Satellite lasers show rapid thinning of Greenland and Antarctic ice sheets
Washington, September 24 (ANI): Using satellite lasers, scientists have made the most comprehensive picture of the rapidly thinning glaciers along the coastline of both the Antarctic and Greenland ice sheets.
Researchers from British Antarctic Survey and the University of Bristol describe how analysis of millions of NASA satellite measurements from both of these vast ice sheets shows that the most profound ice loss is a result of glaciers speeding up where they flow into the sea.
According to the researchers, this 'dynamic thinning' of glaciers now reaches all latitudes in Greenland, has intensified on key Antarctic coastlines, is penetrating far into the ice sheets' interior and is spreading as ice shelves thin by ocean-driven melt.
Ice shelf collapse has triggered particularly strong thinning that has endured for decades.
"We were surprised to see such a strong pattern of thinning glaciers across such large areas of coastline - it's widespread and in some cases thinning extends hundreds of kilometres inland. We think that warm ocean currents reaching the coast and melting the glacier front is the most likely cause of faster glacier flow," said lead author Dr Hamish Pritchard from British Antarctic Survey (BAS).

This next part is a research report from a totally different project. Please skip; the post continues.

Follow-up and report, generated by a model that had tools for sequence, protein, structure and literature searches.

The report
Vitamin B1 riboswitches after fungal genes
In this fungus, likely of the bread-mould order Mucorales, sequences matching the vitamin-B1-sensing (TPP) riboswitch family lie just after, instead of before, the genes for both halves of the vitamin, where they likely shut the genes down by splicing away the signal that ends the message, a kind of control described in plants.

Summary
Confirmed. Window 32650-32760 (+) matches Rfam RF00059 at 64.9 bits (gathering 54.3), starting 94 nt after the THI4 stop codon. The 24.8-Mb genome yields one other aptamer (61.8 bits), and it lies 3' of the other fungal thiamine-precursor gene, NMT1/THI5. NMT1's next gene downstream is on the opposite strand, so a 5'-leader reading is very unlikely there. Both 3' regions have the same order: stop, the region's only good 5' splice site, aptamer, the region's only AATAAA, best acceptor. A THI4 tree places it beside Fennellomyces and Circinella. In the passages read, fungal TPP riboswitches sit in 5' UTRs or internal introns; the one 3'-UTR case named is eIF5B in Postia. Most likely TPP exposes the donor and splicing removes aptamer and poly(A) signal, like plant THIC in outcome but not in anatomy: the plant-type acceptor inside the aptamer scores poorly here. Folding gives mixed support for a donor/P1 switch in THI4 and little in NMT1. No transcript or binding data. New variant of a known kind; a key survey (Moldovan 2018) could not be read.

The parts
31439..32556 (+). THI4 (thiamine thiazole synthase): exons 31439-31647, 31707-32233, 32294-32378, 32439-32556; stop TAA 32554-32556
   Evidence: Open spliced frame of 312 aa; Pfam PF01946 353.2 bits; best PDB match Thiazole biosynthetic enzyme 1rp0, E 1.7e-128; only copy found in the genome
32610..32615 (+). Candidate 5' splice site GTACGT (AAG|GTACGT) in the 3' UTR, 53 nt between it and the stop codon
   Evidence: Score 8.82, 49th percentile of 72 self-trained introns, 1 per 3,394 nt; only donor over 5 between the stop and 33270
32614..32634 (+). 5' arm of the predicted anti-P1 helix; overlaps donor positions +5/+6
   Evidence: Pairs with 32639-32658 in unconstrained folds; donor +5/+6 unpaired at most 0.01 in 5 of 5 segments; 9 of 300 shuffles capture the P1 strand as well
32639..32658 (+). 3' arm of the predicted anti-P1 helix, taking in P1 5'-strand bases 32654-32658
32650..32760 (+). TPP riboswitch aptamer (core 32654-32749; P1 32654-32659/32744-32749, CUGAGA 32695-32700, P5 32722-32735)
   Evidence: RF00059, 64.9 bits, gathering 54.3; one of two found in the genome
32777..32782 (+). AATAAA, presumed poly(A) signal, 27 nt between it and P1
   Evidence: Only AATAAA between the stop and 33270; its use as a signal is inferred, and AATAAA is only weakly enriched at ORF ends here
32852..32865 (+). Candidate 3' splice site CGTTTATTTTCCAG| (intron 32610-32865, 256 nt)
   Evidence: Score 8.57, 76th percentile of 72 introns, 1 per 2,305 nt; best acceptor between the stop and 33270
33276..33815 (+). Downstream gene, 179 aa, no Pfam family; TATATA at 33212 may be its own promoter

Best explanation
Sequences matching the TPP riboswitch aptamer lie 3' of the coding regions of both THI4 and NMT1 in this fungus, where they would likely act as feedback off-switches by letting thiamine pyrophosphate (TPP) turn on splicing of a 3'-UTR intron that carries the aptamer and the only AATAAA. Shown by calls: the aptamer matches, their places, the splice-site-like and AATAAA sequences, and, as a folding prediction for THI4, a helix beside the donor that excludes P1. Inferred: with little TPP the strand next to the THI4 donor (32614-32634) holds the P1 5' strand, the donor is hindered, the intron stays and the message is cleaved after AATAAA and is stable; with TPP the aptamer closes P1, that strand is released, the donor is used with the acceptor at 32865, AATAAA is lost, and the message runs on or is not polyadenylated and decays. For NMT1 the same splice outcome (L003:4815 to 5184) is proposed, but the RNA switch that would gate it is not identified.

"This kind of ice loss is so poorly understood that it remains the most unpredictable part of future sea level rise," he added.
The scientists compared the rates of change in elevation of both fast-flowing and slow-flowing ice.
In Greenland, for example, they studied 111 fast-moving glaciers and found 81 thinning at rates twice that of slow-flowing ice at the same altitude.
They found that ice loss from many glaciers in both Antarctica and Greenland is greater than the rate of snowfall further inland.
In Antarctica, some of the fastest thinning glaciers are in West Antarctica (Amundsen Sea Embayment) where Pine Island Glacier and neighbouring Smith and Thwaites Glacier are thinning by up to 9 metres per year.
The findings are an important step forward in the quest to make more accurate predictions for future sea level rise. (ANI)